Children from Rich Families More Likely To Develop Mental Health Problems, Study


Mental health problems are more likely to develop in children from rich families compared to children from less affluent families, according to Arizona State University. Researchers also found that kids belonging to wealthy parents are displaying increased levels of neurosis that lead to drug abuse, criminal behavior and eating disorders.

The study also found that depression and anxiety - the two major factors responsible for such behavior - are double the normal rate in children whose parents earn more than $160,000 a year. The reason why children from affluent families show high levels of depression and anxiety is because their parents thrust unnecessary pressure on them to succeed.

Suniya Luthar, the psychologist from Arizona State University said that majority of the children are unable to fulfill their parent's demands.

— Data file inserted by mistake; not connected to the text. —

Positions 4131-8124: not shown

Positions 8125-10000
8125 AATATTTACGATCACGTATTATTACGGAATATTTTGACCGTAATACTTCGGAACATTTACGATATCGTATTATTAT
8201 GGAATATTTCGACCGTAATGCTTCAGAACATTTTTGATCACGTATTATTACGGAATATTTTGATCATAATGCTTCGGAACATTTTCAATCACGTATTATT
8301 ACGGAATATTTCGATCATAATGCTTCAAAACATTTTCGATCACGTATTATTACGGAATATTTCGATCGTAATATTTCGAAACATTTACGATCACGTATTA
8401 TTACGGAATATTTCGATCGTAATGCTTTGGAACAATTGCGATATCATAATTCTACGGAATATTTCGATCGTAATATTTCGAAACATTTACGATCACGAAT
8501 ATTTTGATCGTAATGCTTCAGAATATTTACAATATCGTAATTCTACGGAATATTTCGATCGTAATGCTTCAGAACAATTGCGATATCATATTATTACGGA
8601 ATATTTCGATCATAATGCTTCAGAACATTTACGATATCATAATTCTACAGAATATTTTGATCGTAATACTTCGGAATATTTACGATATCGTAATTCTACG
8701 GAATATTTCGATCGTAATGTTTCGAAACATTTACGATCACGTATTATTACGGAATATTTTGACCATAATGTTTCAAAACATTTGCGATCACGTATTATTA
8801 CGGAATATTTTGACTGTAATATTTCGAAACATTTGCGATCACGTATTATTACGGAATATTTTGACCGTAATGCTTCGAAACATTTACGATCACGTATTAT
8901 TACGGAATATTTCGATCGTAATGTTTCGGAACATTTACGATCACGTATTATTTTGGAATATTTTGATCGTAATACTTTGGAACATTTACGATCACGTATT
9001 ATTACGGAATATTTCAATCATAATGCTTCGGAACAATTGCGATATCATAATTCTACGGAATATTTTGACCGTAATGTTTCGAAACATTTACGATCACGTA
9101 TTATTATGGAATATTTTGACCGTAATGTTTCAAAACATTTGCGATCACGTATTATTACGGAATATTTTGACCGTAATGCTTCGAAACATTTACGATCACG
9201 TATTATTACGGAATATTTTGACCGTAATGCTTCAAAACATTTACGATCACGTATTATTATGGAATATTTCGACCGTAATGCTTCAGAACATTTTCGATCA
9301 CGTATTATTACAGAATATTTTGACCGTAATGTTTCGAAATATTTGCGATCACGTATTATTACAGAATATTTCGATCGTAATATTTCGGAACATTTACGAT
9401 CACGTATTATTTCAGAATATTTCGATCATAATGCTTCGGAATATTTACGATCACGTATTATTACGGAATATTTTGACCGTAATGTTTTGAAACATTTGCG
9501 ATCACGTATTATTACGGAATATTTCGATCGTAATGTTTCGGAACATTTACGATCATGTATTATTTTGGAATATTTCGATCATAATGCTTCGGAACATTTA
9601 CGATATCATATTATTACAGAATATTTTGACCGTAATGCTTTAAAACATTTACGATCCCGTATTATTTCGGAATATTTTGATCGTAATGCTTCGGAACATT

"The evidence suggests that the privileged young are much more vulnerable than in previous generations. I have spent the last decade researching why this is the case. The evidence points to one cause: the pressure for high octane achievement. 'The children of affluent parents expect to excel at school and in extracurricular activities, and also in their social lives. They feel a relentless sense of pressure," Luthar told Daily Mail UK.

The study has been published in the Journal of Development and Psychopathology and in Psychology Today.

Previously, it was believed that children from richer families suffered reduced risk of neuroses because of comfort and privilege they receive at home. But the new study found out that having rich parents with high expectations and aspirations results in a stressful life.

"Studies show that on average, serious levels of depression, anxiety or somatic (physical) symptoms occur twice as often among these (wealthier) boys and girls compared to national rates. Whence the unrelenting pressure? Some comes from families. There are high-pressure traps that white-collar parents, more than others, can fall into. The first is excessive emphasis on children's accomplishments....too often what parents want is over the top, Luthar said.

"Parents, however, are but one part of the equation. Impossibly high expectations are transmitted not only by parents but by the entire community - teachers, schools, coaches and peers."

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